Baltaxar, the cat, was an interesting character to work on. Building on the idea of him always being seen as a black silhouette with eyes and nose... I pitched the client the idea that he could perhaps move as a shadow over very few frames (thinking about animation here), leaving a stylized trail, and even disappear when entering dark places, with only his eyes, nose and whiskers being visible. A bit of a "Cheshire Cat" effect, if you will. The client was on board this idea as soon as the model sheet above was presented to them. As you can see on the model sheet, as Art Direction note to any artists coming into the project down the road, I recommended for the structure and limbs of the cat to be sketched, even if they were eventually going to be lost within the blackness of the silhouette, as this would help the overall shape make sense and read better. 

At this point, I was able to create a color version of the character line up, for which developed color charts for different times of day. You can see a couple of those bellow, including a step by step chart I made describing the process I followed to achieve that look. 



The indications on this last image, as the rest of the project, are written in Basque, for the rest of the artists coming into it in the future. Just in case anyone reading this might be interested in knowing what the steps were, I'm translating them bellow:
  • Clean up.
  • Base color. Line art in Overlay mode.
  • Local colors (solid) in Normal mode, on a clipping mask or with transparency blocked. 
  • Darks and "stains" on Overlay mode, also on a clipping mask.
  • Lights and Rim Light on overlay mode, also on a clipping mask.
  • For the "Through-the-trees highlights" effect, create some white marks with an irregular brush on Overlay mode. Duplicate that layer, apply and delete the mask so transparency is no longer restricted, and then apply a Gaussian Blur effect to that layer, in order to achieve that luminous look. 
And that's it! I hope you enjoyed the post and hopefully found it insightful in some way! Thanks for stopping by and feel free to ask anything or comment! Cheers!

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Oct 15, 2014

#Inktober 2014 | "Faun"

Craft paper | Sakura Pigma Micron 08, [Black] | Uni-Ball Signo, [White]






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Oct 9, 2014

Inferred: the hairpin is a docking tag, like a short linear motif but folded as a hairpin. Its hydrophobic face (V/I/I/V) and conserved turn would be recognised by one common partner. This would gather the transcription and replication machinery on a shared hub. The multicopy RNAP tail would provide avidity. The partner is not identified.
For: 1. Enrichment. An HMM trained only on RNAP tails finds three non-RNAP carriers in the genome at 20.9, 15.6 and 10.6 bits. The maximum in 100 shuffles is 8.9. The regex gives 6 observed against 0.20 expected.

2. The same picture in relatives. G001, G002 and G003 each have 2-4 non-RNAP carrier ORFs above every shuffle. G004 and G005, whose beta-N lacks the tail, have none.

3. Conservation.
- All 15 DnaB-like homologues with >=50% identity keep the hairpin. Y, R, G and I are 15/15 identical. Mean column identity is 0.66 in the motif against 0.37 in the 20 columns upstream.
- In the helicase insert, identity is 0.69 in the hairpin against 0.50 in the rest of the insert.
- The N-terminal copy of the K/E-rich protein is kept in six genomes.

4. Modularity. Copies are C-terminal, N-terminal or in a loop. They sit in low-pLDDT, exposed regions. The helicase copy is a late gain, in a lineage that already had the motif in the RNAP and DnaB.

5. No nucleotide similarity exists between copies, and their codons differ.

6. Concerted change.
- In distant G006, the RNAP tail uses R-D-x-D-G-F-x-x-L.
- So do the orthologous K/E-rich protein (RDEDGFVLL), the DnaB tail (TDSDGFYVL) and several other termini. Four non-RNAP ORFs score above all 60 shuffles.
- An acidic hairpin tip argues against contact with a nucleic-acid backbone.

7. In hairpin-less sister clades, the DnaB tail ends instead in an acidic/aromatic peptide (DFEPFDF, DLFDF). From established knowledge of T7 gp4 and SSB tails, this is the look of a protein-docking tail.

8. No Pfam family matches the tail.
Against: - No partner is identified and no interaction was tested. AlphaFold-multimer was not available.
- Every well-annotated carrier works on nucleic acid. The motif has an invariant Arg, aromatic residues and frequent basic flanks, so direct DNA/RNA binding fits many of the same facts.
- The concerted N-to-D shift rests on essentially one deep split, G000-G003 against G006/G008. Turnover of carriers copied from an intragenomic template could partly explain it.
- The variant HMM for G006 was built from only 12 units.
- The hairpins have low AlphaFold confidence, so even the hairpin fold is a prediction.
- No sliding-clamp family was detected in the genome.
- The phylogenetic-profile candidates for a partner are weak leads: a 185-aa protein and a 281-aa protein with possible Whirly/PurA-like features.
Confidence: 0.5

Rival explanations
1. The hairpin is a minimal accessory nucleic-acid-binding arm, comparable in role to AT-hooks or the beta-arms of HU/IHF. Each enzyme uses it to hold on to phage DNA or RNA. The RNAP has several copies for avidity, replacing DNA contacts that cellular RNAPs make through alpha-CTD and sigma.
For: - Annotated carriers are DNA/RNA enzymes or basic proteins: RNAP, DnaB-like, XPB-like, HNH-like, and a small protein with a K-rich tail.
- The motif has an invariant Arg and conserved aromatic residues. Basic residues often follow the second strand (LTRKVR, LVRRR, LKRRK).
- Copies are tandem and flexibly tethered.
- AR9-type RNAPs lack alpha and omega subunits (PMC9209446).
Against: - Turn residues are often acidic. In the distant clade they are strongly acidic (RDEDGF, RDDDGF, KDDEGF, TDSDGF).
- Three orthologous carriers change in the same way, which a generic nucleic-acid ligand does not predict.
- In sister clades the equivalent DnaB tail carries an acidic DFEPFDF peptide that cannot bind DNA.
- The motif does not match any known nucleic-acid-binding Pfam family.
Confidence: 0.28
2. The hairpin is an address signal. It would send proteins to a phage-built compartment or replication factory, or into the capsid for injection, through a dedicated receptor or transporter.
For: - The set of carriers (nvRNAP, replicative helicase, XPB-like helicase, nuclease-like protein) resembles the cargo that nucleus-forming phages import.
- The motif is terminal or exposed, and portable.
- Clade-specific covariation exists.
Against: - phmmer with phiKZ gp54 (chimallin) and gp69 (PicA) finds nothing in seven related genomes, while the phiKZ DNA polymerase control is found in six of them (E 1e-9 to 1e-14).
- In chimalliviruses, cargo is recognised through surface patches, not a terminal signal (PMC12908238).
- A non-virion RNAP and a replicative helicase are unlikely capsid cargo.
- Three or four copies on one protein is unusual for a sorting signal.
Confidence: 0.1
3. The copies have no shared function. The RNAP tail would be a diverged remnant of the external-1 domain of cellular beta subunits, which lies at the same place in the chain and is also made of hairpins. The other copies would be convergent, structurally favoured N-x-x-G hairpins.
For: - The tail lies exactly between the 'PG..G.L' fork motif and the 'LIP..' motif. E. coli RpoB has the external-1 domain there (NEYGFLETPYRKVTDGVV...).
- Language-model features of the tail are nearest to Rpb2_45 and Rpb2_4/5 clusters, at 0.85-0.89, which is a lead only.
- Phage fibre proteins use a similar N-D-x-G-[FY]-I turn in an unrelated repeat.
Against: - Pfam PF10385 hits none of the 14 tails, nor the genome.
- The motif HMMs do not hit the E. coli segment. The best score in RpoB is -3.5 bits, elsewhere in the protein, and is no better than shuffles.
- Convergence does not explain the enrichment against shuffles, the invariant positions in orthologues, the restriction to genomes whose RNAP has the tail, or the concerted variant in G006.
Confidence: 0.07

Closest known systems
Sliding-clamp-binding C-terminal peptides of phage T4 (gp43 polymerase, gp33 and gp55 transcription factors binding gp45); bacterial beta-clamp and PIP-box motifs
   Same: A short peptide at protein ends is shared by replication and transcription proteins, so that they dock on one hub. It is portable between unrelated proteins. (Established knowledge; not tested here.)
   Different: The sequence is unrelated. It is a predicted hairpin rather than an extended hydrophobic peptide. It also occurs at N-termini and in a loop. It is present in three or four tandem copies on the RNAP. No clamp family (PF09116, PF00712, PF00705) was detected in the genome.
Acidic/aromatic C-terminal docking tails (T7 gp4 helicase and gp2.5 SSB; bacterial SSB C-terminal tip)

Animation Mentor CREW Characters | Creating Aia

Hey, hey! At last, the first of the new characters I'm designing for Animation Mentor has been officially announced! Her name is Aia and she's a member of the CREW, the new batch of advanced characters that comes as a follow up and an evolution to The TRIBE characters I had previously designed. This means I get to show what went into the process of creating her...

Meet AIA.
She's the Pilot of The Crew and an all around badass. This was the premise I had in mind for Aia... someone who was confident, adventurous, filled with positive energy... as well as captivating and appealing as a result. I wanted that appeal to come from within and build the design around that driven personality, of an unrestrained and comfortable-with-herself person. Okay, okay! So I might have romanticized her personality a bit... So what. I strongly believe that as a character designer, whether you're designing a likable character or a villain, you have to invest yourself emotionally with it, if it's going to result in a genuine and memorable character. Plus, I draw whatever I please, so beat it... Here she is and this is how she came to be! Enjoy!


REFERENCE
Once my proposal for the concept of the Crew got picked up (which I unfortunately can't show you images of, since it includes the other characters that will be coming out in the future) and we decided to start further developing the lead female character... I went looking for reference. In this particular case, I can't say it was a very tedious process  ♥v♥

This last model is Devon Jade and I feel obliged to give her special credit, as I was greatly inspired by photographs of her more than any other's. The striking white hair was a big part of it I'm sure, as this was a trait that I wanted to have in this character, even before I came across this particular model. 

SKETCHING & EXPLORATION
Simultaneously, I was doing quick sketches and explorations to try to find the character. These type of sketches are also useful to receive feedback from the client and get a better idea of what they might like. Ever since I started collaborating with Animation Mentor, I've been working closely with the great Bobby Beck (CEO & co-Founder of Animation Mentor) and in this particular case, him and the team over at AM fell for #7 bellow. So, the sketches continued developing in that direction.